British Columbia

The other side: Life as the spouse of police officer

It was the worst news loved ones of a police officer could hear when Const. John Davidson was shot and killed in the line of duty in Abbotsford on Monday. A police family advocate has written a book on how to cope as the spouse of an officer.

Wife of U.S. police officer on overcoming fear, preparing for the worst

Officers line the highway to pay their respects to Const. John Davidson, killed in the line of duty in Abbotsford on Nov. 6. (Bill Cook)

It was the worst news loved ones of a police officer could hear when Const. John Davidson was shot and killed in the line of duty in Abbotsford, B.C. on Monday.

Davidson, who had been a police officer for 24 years both in the U.K. and in B.C., was trying to arrest a man who had allegedly opened fire in a mall parking lot.  

His death is being mourned in police communities south of the border as well, said an U.S. advocate for families of law enforcement officers.

"When we hear of an officer's death, regardless of where it is in the world, the police community mourns together," said Melissa Littles.

She is the wife of a police officer in the Edmond Police Department in Oklahoma and the author of a book called Bullets in the Washing Machine based on interviews with police families.

A knock on the door

As the spouse of a law enforcement officer, Littles told CBC's host of On The Coast Stephen Quinn, she knows well the day-to-day fear that something might happen.

"A knock on your door when your husband is on duty will always make your heart race for a moment," she said.  

Littles, and other spouses of police officers she works with, advocate to bring awareness about the issue and to highlight the humanity behind the badge.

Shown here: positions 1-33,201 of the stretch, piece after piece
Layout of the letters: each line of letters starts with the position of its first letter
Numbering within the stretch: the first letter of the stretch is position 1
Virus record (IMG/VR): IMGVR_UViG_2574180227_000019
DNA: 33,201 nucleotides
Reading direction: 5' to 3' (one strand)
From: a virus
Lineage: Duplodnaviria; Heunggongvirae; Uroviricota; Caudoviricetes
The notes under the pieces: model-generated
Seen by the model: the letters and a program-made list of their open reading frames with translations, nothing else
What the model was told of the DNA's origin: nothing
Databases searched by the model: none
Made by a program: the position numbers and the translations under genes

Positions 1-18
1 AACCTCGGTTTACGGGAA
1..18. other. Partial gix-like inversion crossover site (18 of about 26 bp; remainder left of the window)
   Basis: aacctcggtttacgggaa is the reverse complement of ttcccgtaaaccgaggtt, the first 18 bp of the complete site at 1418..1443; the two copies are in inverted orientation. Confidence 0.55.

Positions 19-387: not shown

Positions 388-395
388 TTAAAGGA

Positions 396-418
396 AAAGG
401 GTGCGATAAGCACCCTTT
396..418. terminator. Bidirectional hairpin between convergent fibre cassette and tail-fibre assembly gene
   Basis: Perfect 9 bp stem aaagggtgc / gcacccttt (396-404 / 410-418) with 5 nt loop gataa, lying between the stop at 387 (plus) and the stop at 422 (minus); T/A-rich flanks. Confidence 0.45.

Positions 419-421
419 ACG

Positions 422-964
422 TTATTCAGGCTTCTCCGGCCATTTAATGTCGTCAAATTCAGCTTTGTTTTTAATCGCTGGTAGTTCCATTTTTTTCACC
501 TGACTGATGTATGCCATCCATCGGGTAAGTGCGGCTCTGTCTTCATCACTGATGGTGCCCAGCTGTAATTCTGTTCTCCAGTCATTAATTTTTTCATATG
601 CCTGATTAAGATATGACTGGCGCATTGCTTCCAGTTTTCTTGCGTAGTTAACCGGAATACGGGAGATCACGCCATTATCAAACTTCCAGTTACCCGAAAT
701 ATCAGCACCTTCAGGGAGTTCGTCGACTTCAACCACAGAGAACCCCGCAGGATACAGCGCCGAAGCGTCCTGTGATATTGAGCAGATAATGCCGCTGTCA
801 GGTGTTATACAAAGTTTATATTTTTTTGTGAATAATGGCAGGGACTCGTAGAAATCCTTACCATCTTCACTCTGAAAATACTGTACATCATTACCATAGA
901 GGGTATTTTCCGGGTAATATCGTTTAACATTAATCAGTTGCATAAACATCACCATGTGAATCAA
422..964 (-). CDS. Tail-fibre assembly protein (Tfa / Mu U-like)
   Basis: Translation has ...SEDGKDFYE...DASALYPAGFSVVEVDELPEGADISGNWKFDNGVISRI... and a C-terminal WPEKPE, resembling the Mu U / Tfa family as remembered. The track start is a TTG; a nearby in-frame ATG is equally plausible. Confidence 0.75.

"They are not just somebody out there writing you tickets," she said. "We try to humanize them and remind people that these are mothers and father, brothers and sisters."

Preparing for the worst

Littles also encourages families to discuss a worst case scenario: what they will do if the police officer spouse is injured or killed on the job.

"They are horrible things to think about, nobody wants to think about that, but the worst time to have to think about that is as soon as you've lost the love of your life and the father of your children," she said.

She has a guide for starting the conversation and a list of what information to put in an end of watch packet on her blog. It should include everything from the names and contact information of extended family to passwords and banking information, Littles said.

The anguish in the voices of those mourning Davidson's death is apparent to all, Littles said, and familiar to police communities around the world.  

"Our sympathies are very much with you all and with the family and absolutely our deepest condolences go out to all of you," she said.

To hear more, click on the audio link below:

With files from On The Coast.